Death of a Viking Princess
I HAVE ALWAYS BEEN A FAN of the Viking saga Beowulf. Briefly, this story describes how Grendel, a terrifying monster, raided a Viking drinking hall and killed the warriors gathered there.
The warriors went on to Viking heaven, or Valhalla, while Grendel’s anti-social activities ceased when Beowulf, a Viking chief, fought and killed him.
In my story the monster is not Grendel, but the very real and devastating storms of the winter of 2013/14.
The Viking Princess was a 20m trawler decommissioned as part of the reduction of the UK fishing fleet.
She was stripped down, the Cummins diesel engine and prop removed and bows cut down to satisfy the conditions of the Fisheries Commission compensation scheme.
She was being towed to the breaker’s yard on the River Dart when she was swamped and sank off the South Devon coast about five miles east of Plymouth, close to the mouth of the Yealm river.
My wife, Karen, found the then-mystery wreck in 2002 during a drift dive in the area known locally as Fairylands. The pine decking was still in place and there were empty paint-cans, discarded fishing-gear and other shipyard junk still below decks in the hold. It was actually possible to enter the hold via a hatch.
The story of the finding of the wreck appeared as an article, Hulk In Fairyland, in divEr in April 2006.
Karen had done some investigation and discovered the name of the wreck and
its history from the late-lamented fisherman and dive boat-skipper Peter Hambly, who had owned a similar boat himself.
WE PRETTY WELL HAD the wreck to ourselves for four years, but eventually the story got out among the local diving fraternity and the Viking Princess became a regular dive-site used by both commercial and private boats.
Over the years the wreck suffered damage and the decking, worn when we found it, eroded away, leaving the internal metal structure exposed.
It was always interesting, however, with a large shoal of bib hovering above and resident congers in the engine bay. The gradual deterioration of the wreck added to its beauty and made it more photogenic.
The winter of 2013/14 was very severe on the south coast of Devon. Winds of up to 90 miles an hour and huge seas swept in, pounding the shore and causing erosion and flooding.
Further along the coast, the railway was washed out at Dawlish, leaving the track hanging in mid-air.
Diving was off the agenda for some time. When we did get back into the water the sea had a milky appearance, probably because of the fine sediments on the seabed being ruthlessly stirred up in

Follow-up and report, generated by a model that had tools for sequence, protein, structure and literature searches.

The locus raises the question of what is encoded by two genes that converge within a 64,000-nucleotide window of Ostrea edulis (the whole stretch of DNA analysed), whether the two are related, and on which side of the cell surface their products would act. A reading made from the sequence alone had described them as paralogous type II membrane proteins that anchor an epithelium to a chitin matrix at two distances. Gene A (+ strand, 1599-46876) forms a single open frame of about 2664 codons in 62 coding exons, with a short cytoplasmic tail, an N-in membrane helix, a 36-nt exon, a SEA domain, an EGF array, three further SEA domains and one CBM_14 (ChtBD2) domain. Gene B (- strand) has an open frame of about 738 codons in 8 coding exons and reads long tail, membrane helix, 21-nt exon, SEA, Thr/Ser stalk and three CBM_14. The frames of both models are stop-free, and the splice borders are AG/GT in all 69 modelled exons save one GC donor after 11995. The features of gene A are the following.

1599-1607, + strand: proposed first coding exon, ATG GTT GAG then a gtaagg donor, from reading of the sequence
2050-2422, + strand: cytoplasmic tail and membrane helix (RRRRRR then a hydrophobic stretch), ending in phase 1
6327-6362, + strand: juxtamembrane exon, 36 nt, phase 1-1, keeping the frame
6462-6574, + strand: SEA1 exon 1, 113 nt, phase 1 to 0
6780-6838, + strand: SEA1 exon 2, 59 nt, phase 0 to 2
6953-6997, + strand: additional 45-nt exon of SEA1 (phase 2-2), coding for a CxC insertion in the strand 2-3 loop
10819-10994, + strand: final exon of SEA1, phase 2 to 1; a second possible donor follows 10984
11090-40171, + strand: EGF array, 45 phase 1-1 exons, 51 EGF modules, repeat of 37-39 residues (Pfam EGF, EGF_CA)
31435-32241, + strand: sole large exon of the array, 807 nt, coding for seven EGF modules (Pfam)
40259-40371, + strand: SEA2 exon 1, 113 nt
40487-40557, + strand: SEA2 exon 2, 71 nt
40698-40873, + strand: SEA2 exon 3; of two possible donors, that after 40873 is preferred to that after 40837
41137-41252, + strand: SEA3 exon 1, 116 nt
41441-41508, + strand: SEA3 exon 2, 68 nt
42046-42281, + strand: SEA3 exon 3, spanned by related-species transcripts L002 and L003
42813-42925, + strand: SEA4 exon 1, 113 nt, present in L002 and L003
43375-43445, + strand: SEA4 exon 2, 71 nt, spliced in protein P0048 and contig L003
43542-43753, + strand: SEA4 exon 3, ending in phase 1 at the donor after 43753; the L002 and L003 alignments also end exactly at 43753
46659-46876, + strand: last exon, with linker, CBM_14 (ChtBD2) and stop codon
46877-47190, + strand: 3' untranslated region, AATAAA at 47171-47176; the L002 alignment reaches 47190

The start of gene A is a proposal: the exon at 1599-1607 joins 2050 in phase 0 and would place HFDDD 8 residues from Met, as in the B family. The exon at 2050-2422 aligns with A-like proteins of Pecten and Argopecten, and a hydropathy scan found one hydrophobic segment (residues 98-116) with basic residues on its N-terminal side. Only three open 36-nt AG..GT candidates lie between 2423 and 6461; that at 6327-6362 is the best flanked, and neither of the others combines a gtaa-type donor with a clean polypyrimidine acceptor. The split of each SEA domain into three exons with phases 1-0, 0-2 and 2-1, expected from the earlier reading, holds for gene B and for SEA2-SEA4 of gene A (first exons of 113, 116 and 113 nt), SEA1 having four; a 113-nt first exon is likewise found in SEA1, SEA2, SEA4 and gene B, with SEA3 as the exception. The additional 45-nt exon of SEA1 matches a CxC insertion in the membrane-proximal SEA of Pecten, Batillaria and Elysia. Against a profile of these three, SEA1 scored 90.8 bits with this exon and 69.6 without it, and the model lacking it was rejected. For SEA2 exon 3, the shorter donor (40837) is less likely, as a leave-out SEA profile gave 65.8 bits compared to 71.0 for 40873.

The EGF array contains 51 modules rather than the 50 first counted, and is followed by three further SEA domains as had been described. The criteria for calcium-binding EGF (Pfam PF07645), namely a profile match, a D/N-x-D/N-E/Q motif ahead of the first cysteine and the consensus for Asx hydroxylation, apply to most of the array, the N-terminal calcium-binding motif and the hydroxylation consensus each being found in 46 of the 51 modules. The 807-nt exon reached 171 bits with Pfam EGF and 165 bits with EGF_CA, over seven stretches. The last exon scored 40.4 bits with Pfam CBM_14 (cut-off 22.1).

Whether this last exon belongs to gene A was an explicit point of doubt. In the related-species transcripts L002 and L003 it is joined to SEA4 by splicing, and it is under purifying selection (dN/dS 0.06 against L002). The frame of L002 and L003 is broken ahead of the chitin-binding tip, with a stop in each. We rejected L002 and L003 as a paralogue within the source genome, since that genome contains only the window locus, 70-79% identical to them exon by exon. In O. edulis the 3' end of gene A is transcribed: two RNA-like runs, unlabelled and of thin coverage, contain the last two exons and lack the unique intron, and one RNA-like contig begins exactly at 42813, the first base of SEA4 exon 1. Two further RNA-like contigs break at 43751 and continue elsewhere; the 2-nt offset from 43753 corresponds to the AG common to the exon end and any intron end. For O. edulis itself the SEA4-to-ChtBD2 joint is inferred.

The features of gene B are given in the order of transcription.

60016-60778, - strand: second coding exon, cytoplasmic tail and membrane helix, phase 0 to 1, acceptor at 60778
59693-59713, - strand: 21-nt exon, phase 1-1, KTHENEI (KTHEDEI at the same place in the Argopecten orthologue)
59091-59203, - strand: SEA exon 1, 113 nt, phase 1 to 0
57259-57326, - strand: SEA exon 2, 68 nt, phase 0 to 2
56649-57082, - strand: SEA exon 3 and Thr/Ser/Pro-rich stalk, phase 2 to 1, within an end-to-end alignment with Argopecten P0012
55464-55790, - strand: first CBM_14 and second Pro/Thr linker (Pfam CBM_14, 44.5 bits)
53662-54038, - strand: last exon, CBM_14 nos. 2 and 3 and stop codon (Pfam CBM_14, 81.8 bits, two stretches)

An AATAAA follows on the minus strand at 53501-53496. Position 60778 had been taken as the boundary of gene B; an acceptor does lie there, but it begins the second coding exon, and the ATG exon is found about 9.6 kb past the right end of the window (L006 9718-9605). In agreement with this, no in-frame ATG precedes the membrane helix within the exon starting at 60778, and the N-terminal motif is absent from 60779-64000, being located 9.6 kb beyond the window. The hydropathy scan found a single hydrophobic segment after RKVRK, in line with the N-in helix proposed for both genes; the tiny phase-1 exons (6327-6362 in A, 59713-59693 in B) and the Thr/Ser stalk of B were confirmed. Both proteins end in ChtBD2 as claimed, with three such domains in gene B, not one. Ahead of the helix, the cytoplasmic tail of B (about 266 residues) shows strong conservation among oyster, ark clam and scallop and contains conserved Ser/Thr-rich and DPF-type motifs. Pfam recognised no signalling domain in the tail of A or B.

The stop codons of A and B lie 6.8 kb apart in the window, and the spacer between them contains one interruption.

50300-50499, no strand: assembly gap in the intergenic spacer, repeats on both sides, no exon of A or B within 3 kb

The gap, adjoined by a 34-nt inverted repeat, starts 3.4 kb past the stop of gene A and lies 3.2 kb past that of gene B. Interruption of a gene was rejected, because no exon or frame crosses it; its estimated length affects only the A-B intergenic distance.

As this settled, the May plankton bloom started and, although patchy, knocked back visibility.
I EVENTUALLY MANAGED TO DIVE the Viking Princess again in July 2014. I had been told that it had suffered badly in the storms, but I had no idea how much damage had been done. Arriving at the site it was unrecognisable on the sounder; nothing seemed to be standing up very much from the bottom profile at all.
I even started to doubt the GPS location, as I was using a new plotter. Anyway, over went the shot and I dropped into a gentle tide and reasonable visibility.
On the seabed I couldn’t see the usual “loom” of darkness that led to the wreck, nor was the shoal of bib to be seen.
Moving forward, I found a long-corroded metal plate lying flat on the seabed and, continuing, more pieces became apparent.
What astounded me was the degree of destruction that had occurred, considering that the wreck lies between 19 and 25m deep, depending on the state of the tide.
When I had last seen the wreck, it had been a recognisable vessel. A Kort nozzle was fitted to the stern, decking ribs were still intact and the engine-room still contained parts of pumps and pipework.
Moving on again, I found a short piece of one side of the hull smashed against
a gully wall, and a section of the hull that looked as though it had come from the engine-room lying flat.
A conger with a very scratched nose partially emerged from its lair below this plate. Was it the same conger that Karen had photographed in 2013?
A small shoal of poor cod became apparent as I moved around the site looking for more wreckage, but the coherent wreck I remembered had been broken up into disjointed wreckage.
As I write this in January 2015 a force 8/9 gale is once again pounding the South-west. I wonder if there will be anything significant to see of the Viking Princess in the spring.
I hope so. It would a great shame if all traces of this Viking Princess disappeared into Valhalla like Beowulf’s warriors with the ravages of that monster, the British weather. How many more wrecks will suffer the same fate this winter?
Incidentally, the local skippers had suggested that decommissioned fishing-boats could be sunk in Whitsand Bay, the current location of the Scylla wreck.
Regrettably, the scheme was turned down, and as far as I know all the boats went to breakers’ yards.